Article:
List of pipeline accidents in the United States in 1993

The following is a list of pipeline accidents in the United States in 1993. It is one of several lists of U.S. pipeline accidents. See also: list of natural gas and oil production accidents in the United States.

IncidentsEdit

This is not a complete list of all pipeline accidents. For natural gas alone, the Pipeline and Hazardous Materials Safety Administration (PHMSA), a United States Department of Transportation agency, has collected data on more than 3,200 accidents deemed serious or significant since 1987.

A "significant incident" results in any of the following consequences:

  • Fatality or injury requiring in-patient hospitalization.
  • $50,000 or more in total costs, measured in 1984 dollars.
  • Liquid releases of five or more barrels (42 US gal/barrel).
  • Releases resulting in an unintentional fire or explosion.

PHMSA and the National Transportation Safety Board (NTSB) post-incident data and results of investigations into accidents involving pipelines that carry a variety of products, including natural gas, oil, diesel fuel, gasoline, kerosene, jet fuel, carbon dioxide, and other substances. Occasionally pipelines are re-purposed to carry different products.[1]

The following incidents occurred during 1993:

  • 1993 On March 28, a 36-inch Colonial Pipeline Company petroleum products pipeline ruptured near Herndon, Virginia. The rupture created a geyser which sprayed diesel fuel over 75 feet (23 m) into the air, coating overhead power lines and adjacent trees, and mist covering adjacent Virginia Electric Power Company buildings. The diesel fuel spewed from the rupture into an adjacent storm water management pond and flowed overland and through a network of storm sewer pipes before reaching Sugarland Run Creek, a tributary of the Potomac River. The cause was latent third party damage. About 400,000 gallons of diesel were lost.[2][3][4]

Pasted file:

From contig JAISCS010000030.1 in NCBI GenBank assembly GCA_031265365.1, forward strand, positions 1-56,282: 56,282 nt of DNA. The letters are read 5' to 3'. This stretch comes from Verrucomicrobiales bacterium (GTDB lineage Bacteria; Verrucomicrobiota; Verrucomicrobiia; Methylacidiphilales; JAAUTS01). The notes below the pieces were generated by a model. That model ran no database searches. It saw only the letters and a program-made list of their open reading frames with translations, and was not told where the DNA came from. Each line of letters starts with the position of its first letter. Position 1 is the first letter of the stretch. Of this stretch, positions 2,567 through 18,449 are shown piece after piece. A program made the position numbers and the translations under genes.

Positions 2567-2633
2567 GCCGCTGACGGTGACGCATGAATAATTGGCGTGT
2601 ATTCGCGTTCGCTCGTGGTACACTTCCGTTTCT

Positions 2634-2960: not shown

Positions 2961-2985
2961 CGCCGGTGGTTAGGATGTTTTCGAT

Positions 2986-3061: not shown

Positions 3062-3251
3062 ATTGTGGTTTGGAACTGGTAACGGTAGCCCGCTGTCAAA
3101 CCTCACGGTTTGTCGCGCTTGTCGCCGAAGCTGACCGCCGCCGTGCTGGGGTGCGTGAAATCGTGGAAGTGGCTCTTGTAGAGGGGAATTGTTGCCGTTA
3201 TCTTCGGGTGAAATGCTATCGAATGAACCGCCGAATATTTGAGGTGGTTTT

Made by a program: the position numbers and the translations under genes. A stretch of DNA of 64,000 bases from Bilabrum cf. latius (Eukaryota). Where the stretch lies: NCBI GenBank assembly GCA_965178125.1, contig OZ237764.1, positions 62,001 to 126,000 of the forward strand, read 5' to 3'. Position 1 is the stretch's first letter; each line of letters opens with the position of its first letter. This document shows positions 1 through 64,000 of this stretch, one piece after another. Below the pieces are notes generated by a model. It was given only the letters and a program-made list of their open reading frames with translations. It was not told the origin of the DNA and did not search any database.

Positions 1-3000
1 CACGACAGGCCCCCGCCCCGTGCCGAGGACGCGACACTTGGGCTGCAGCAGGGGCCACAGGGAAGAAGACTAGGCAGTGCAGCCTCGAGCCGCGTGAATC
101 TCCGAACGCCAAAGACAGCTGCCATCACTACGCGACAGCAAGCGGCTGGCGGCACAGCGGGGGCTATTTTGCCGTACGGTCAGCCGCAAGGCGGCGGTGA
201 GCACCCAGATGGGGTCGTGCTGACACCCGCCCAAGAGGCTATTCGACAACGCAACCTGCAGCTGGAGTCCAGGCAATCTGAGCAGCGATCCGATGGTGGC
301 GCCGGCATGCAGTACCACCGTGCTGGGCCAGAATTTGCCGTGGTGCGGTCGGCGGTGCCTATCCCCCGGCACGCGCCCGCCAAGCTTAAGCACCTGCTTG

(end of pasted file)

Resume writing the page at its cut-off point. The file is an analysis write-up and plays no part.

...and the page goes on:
• 1993 On April 6, a 16-inch crude oil pipeline ruptured, spilling up to 125,000 gallons of crude oil into a stream bed in Kern County, California, forcing a temporary closure of the nearby Golden State Freeway.[5]
  • 1993 On May 21, a Sunoco pump station, in Creek County, Oklahoma, leaked about 29,000 gallons of petroleum.[6]
  • 1993 A fire at a Transco/Williams Companies gas compressor station, in Billingsley, Alabama, on June 3 injured one worker. The cause was from equipment failure.[7][8]
  • 1993 On June 9, a cinder block duplex in Cliffwood Beach, New Jersey, exploded as a New Jersey Natural Gas Company (NJNG) contractor was trenching in front of the building. The gas explosion killed 3 residents of the duplex, and seriously injured 3 others.[9]